The current interest rates do not accurately assess risk, and as such they are simply creating soon-to-be-obliterated bubbles, that will collapse the global economy as soon as the ponzi (ie: low interest rate money-pump) is turned off.   

IN A HEALTHY CREDIT MARKET, IT IS THE MARKET THAT DETERMINES THE COUPON.    NOT THE CENTRAL BANK.  And ONLY the market can accurately value risk.

What we have in America is not a market.  It's a circle-jerk of primary dealers, the Fed and the Treasury, all taking turns in the middle of the circle.

To take from savers is to *rob* the productive classes and give to the non-productive entities who represent a drag on growth.

My question to you is:  Where do *you* think the money for the coupon comes from?  The unbacked emission of currency???  God, you're an idiot.

Popo

centerline's picture

While I agree with the principles you are pointing out in the context of the current system, they do not account for the fundamental problem that the basis of the system is that of perpetual growth.  It is by nature exponential, requiring a system reset or renumeration at some point.  Cycles, just like so many other things in this world.

This particular fiat run coincided with the industrial/technological age, fueled by cheap and abundant enery (oil).  Population growth charts illustrate the predicament quite well.  On top of this consider social complexity in the developed world... moving from somewhat weak (pre-industrial), to robust, and becoming fragile at the extremes of today (i.e. simply consider supply chain mechanics for a major city).

The inescapable truth is that the mathematics of the world economy do not allow for contraction because the nature of the compounding system is to progressively pull future earnings forward.  And the contraction that is being brought about by real world constraints isn't something that can be papered over (at least not permanently).  The current system has hit a debt saturation point, wherein no future earnings can conceivably be pulled foward and defaults can no longer be avoided.  Right now is nothing more than a state of limbo where CBs are essentially imploding in slow motion trying to avoid defaults.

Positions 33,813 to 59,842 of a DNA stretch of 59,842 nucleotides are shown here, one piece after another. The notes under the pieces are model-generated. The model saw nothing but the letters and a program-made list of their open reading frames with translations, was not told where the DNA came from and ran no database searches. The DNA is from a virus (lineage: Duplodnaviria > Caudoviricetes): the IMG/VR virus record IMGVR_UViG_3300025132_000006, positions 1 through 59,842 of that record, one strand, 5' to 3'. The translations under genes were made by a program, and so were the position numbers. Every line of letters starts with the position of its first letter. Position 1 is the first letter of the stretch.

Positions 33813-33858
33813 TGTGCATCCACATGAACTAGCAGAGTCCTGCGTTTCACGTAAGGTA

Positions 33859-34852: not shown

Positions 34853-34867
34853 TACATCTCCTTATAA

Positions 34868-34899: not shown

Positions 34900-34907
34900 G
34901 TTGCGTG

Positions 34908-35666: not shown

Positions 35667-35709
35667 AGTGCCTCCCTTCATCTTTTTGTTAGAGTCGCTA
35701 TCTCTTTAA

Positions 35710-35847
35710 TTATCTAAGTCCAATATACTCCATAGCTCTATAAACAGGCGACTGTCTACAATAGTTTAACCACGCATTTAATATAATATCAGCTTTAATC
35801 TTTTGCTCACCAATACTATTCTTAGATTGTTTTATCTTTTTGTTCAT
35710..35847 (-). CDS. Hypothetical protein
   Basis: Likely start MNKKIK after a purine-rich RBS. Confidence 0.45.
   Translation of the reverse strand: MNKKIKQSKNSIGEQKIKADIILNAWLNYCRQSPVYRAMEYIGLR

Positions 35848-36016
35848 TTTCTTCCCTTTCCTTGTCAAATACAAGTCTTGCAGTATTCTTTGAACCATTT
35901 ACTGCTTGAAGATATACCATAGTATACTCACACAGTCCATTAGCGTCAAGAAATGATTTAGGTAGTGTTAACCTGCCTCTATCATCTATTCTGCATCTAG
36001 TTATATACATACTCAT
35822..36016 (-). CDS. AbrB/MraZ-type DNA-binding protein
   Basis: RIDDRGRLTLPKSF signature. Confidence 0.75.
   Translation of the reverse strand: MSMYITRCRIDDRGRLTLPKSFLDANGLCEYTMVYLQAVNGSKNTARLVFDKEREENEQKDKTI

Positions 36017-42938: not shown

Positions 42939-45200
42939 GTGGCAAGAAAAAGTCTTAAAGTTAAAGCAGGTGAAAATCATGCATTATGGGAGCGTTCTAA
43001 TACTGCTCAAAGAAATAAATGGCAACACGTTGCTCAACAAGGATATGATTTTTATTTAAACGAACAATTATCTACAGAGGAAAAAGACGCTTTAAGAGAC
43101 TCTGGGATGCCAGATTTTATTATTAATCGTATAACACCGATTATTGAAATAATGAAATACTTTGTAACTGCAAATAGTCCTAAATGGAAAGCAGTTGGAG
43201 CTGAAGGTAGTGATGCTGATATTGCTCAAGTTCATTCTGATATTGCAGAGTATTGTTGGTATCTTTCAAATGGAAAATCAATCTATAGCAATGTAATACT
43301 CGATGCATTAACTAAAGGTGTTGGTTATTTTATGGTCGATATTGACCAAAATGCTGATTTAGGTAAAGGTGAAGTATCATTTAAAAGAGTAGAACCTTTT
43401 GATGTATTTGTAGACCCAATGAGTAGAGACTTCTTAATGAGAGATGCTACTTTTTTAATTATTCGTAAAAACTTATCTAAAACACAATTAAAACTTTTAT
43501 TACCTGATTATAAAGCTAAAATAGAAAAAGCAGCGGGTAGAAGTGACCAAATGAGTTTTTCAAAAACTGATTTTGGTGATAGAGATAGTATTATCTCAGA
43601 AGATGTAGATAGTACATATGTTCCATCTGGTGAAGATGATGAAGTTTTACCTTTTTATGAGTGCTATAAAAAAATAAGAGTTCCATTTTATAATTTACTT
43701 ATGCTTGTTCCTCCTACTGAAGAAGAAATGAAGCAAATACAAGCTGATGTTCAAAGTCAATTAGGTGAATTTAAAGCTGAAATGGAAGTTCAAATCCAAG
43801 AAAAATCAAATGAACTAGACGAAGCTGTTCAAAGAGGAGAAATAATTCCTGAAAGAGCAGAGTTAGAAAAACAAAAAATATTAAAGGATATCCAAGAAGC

jerry_theking_lawler's picture

yep. correct. the market was doing its job....rates were rising to combat excess money and inflation....but then comes the Fed/Tres....both knew it would be the end of their reigns if left unchecked....rates can and will not rise under the current system. the debt levels can not be sustained. markets will never prices interest rates again under this system.

buy assets, PMs, and maybe a ticket out of the US.....Singapore IS a beautiful place....and may have a real gold/silver exchange soon.

trav7777's picture

this is ABSOLUTE horseshit.

Rates went to infinity because the system became insolvent.  Nobody would lend nor borrow at prevailing rates.  Lockup.

The Fed is offering money at rates that it can find takers at.  It HAS NOBODY lining up to borrow at even ONE percent.

Japan hit this point 20 fucking years ago and you people still can't figure out wtf causes it?  Still bleating over demanding your ENTITLED interest on your stupid "savings"?

As if your money should just "make money" as a function of its existence?  News flash:  the banks have to find borrowers for your money at a rate HIGHER than what they can offer YOU to borrow YOUR money (which is what a fking savings account IS).  If they cannot find borrowers at 4%, how can you expect 5?